8. Note an implementation detail: we add a 0.1 as a “starting count” for each of the 67 outcomes. We’ll get to this when we cover bigrams next.↩︎

  9. For instance, if ? appears 10x more in the training set compared to the overall corpus, the maximum likelihood estimate \(p_\theta(\text{'?'})\) will be 10x larger than \(p(\text{'?'})\) .↩︎

  10. Note that we begin computing perplexity starting at the 8th token, for both the training and validation sequences. Later in the article we’ll build a model estimating probabilities conditioned on the 7 previous tokens; adjusting now means the perplexity comparisons across all models remain comparable.↩︎

  11. 1 is a computational minimum. In practice, language itself has a minimum perplexity larger than 1, and even the best model we’ll ever build won’t go lower.

    Analogously, even with a perfect estimate of \(\theta=0.6\) for the biased coin earlier, we cannot perfectly predict the sequence of heads and tails in a series of tosses; there is randomness inherent to the process itself.↩︎

  12. That is, if \(x_a = x_b\), and \(x_{a-1} = x_{b-1}\), then \(p(x_a \mid x_{a-1}) =\) \(p(x_b \mid x_{b-1})\).

    This is a sensible assumption, as \(p(\text{'e'}\mid \text{'h'})\) should be the same regardless if e is the 2nd or 285th token: all the information needed to predict it is (assumedly) in the prior token h.↩︎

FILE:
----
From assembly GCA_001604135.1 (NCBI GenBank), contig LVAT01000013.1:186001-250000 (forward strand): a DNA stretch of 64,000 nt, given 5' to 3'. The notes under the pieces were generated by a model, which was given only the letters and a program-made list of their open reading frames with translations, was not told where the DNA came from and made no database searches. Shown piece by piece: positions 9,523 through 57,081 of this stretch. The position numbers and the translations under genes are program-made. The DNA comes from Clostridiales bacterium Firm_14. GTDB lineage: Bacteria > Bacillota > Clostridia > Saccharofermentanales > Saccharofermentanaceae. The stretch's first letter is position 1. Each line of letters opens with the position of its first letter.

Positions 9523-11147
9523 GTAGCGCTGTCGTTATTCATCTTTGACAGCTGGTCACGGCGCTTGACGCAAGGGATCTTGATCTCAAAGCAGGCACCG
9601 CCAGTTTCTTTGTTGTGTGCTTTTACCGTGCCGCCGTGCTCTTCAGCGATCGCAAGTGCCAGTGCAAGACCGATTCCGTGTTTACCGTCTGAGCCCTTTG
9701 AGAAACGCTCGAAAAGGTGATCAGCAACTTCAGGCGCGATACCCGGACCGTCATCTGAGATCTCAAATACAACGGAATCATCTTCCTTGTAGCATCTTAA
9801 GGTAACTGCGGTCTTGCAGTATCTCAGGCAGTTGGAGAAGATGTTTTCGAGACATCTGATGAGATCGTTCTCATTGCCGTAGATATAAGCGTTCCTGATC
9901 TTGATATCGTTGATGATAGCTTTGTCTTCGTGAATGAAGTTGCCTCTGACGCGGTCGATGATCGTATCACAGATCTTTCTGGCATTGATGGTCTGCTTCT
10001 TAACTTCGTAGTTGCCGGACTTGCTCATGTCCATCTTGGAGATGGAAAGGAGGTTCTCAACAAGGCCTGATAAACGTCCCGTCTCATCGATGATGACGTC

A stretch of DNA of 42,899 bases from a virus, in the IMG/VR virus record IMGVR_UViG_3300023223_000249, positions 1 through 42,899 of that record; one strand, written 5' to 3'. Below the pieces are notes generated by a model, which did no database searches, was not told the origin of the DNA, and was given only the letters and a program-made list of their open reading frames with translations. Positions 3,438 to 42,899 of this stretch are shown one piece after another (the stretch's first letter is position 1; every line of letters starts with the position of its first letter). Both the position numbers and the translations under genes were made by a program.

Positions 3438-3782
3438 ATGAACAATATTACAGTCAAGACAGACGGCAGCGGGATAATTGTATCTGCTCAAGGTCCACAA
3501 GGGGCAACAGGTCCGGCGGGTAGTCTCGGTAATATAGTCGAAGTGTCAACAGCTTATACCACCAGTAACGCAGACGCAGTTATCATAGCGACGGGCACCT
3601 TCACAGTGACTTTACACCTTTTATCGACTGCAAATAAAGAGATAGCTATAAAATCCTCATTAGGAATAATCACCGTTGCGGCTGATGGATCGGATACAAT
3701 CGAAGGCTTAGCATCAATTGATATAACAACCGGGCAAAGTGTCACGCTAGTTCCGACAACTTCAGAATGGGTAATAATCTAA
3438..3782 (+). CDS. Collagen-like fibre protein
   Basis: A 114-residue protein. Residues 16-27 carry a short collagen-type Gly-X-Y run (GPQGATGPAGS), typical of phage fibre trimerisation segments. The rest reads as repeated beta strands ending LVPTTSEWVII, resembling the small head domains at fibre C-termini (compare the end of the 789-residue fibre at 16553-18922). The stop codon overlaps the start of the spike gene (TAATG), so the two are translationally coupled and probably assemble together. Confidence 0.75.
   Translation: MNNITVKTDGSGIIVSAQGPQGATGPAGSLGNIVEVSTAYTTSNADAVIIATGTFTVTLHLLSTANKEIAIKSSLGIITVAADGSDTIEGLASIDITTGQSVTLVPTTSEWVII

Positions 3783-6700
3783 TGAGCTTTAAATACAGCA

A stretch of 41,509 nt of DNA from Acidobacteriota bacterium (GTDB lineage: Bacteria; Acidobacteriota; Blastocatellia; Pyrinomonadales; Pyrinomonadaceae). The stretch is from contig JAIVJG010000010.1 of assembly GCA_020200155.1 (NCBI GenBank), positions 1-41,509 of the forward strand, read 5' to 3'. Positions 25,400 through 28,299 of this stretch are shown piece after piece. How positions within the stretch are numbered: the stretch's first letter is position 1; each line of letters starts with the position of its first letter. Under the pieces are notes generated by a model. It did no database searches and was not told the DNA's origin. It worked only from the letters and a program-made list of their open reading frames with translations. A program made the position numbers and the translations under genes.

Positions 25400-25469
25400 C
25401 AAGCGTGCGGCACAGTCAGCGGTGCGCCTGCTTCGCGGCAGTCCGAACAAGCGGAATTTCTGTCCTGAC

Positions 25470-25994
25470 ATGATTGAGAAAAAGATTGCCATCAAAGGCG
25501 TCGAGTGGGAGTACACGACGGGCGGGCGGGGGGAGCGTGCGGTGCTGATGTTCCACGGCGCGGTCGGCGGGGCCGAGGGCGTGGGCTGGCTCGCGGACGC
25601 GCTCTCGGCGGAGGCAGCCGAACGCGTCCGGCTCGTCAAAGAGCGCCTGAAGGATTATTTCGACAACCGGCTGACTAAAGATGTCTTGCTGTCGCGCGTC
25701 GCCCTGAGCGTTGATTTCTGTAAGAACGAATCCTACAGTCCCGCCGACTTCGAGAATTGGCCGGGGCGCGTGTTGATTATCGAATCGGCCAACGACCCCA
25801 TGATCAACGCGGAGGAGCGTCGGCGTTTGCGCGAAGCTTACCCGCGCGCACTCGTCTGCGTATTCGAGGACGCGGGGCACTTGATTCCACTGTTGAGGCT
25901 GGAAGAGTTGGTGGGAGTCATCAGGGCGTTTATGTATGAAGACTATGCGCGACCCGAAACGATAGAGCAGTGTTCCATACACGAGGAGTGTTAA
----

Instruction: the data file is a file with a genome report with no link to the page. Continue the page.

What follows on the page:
13. Subject to \(\sum_b \theta_{a, b} = 1\)↩︎

  14. We could have technically used a \(67 \times 66\) matrix. For each of the 67 conditional probability vectors, once we know the first 66 probabilities, we can compute the 67th by subtracting the sum from 1. Here it’s just easier to have the extra column.↩︎

  15. In the case of infinite width; but even in finite cases, given sufficient width and depth they’re effective.↩︎

  16. Note that in practice, we’re solving for \(\min_\theta [-\ln L(\theta) + R(\theta)]\), where \(R(\theta)\) is some regularization term (such as the squared sum of the weights \(\lambda \sum_i \theta_i^2\)).↩︎

  17. And many local optima, not just one global optima.↩︎

  18. The naive feedforward network we use here has its number of parameters increase linearly with \(m\). Here, moving from 1 to 7 inputs, we have an increase from 7,360 to 13,504 params.↩︎

  19. And 11.87 is the lower bound on training perplexity possible with the bigram assumption, since the probability estimates for each conditional probability were at the global minima.↩︎

  20. Just as the bigram model did by placing all capital letters close to each other in input space.↩︎

  21. minimize negative log-likelihood↩︎

  22. the embedding vectors + network weights↩︎

  23. And this property was what drove key earlier methods such as Word2Vec (Mikolov et al., 2013).↩︎

  24. Existing in between the computation and representation levels.↩︎

  25. And I note this is hardly exhaustive.↩︎